So I think I'm somewhere in between the two, which is the eventual state, really robust, mature partner program.

Yes. Everybody has to come on board, but I'm also in Rob's camp of like. Hey, let's prove that certain things work and partnerships are awesome before you go out and make a significant investment in the role. 

Robert Kielty: It's like this really tricky balance, right?

You can't drive a square peg into a round hole as it were, it has to be sort of conducive to the team. I know for us, for example, we've had to present this as we don't want partnerships to come in all guns blazing, just steam roll over existing processes or sales teams feeling like we're going to get absolutely flattened and expected to pivot our entire process to cater to this partnership team when really it should be this completely collaborative, kind of like a partnership, if you'll forgive my French. 

Ben Wright: Rob, let me, let me ask you the question then. I know you're interviewing us, but let me ask you. That's fine. 

Robert Kielty: Go for it. I'm all ears. 

Ben Wright: Why is Allbound transitioning to ecosystem first, right? Like that's a, I mean, that's, you're doing it, you're living it at the moment.

So like, so why, why are you doing it? 

Robert Kielty: Well, there's a lot to unpack, but I'd say when I joined the business maybe about three months ago now, by the time I got to the company, there was already murmurings of like a big change coming because we'd identified as a business by working back through existing closed one deals and the deals, especially that close quickly.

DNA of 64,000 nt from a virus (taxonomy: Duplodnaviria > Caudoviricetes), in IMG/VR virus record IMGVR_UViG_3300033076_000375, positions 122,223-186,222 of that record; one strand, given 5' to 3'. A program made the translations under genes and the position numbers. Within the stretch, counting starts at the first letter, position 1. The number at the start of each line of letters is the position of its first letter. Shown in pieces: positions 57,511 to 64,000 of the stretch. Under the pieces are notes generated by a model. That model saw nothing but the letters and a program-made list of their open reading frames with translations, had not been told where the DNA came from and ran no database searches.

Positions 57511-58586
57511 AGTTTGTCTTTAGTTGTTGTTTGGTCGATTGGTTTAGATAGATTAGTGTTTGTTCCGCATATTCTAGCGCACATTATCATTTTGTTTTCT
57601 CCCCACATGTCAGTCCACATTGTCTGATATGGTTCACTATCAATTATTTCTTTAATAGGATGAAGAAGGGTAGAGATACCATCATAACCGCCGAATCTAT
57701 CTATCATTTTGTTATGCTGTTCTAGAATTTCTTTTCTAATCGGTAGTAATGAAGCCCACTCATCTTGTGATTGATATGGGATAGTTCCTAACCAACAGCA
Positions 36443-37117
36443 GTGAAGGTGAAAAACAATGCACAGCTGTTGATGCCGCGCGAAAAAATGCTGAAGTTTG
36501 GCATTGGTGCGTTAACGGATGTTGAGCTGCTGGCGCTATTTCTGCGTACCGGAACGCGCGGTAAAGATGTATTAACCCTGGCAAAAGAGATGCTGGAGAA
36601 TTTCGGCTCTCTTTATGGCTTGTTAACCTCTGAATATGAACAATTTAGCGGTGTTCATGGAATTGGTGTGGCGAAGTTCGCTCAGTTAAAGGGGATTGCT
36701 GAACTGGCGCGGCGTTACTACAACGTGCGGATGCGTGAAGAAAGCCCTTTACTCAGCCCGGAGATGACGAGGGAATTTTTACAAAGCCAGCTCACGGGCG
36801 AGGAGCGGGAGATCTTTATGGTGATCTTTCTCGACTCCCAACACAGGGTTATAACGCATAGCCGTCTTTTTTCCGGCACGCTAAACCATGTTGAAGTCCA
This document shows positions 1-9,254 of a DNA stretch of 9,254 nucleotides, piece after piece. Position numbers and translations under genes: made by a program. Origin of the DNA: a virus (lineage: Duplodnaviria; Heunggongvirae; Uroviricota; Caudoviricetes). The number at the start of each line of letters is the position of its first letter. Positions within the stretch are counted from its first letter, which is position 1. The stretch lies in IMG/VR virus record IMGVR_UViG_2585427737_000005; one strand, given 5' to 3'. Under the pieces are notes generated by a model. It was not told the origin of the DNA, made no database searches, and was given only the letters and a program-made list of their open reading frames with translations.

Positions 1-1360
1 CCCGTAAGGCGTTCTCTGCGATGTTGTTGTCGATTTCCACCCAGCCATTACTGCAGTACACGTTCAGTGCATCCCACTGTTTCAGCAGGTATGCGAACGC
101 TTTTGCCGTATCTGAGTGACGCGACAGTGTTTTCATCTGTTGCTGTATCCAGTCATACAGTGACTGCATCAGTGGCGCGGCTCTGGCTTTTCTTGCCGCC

We were averaging between, for a whole quarter of revenue, you're talking about 30 to 40 percent of those closed deals were advocacy led in some shape or form.

 And this was with the amount of data that we could just glean from what we had, you have to go through just historical notes to see, okay, well, what are the, what were the partner interactions like here? And so even at a very basic level to have 40 percent of a quarter being discovered as partner led after the fact when there was no deliberate partnership motion is well it's just honestly astonishing.

Robert Kielty: Like that that reverberated the whole way up to the board and hence the business changing accordingly.

We've identified this is clearly a new direction we need to go in but then it's like okay well how do we pivot the business and get that buy in to go along this journey with us and it's about satisfying Both the existing business practices and you're not steam running the sales team and also making a thoughtful but deliberate process to layer partnerships on top of existing processes.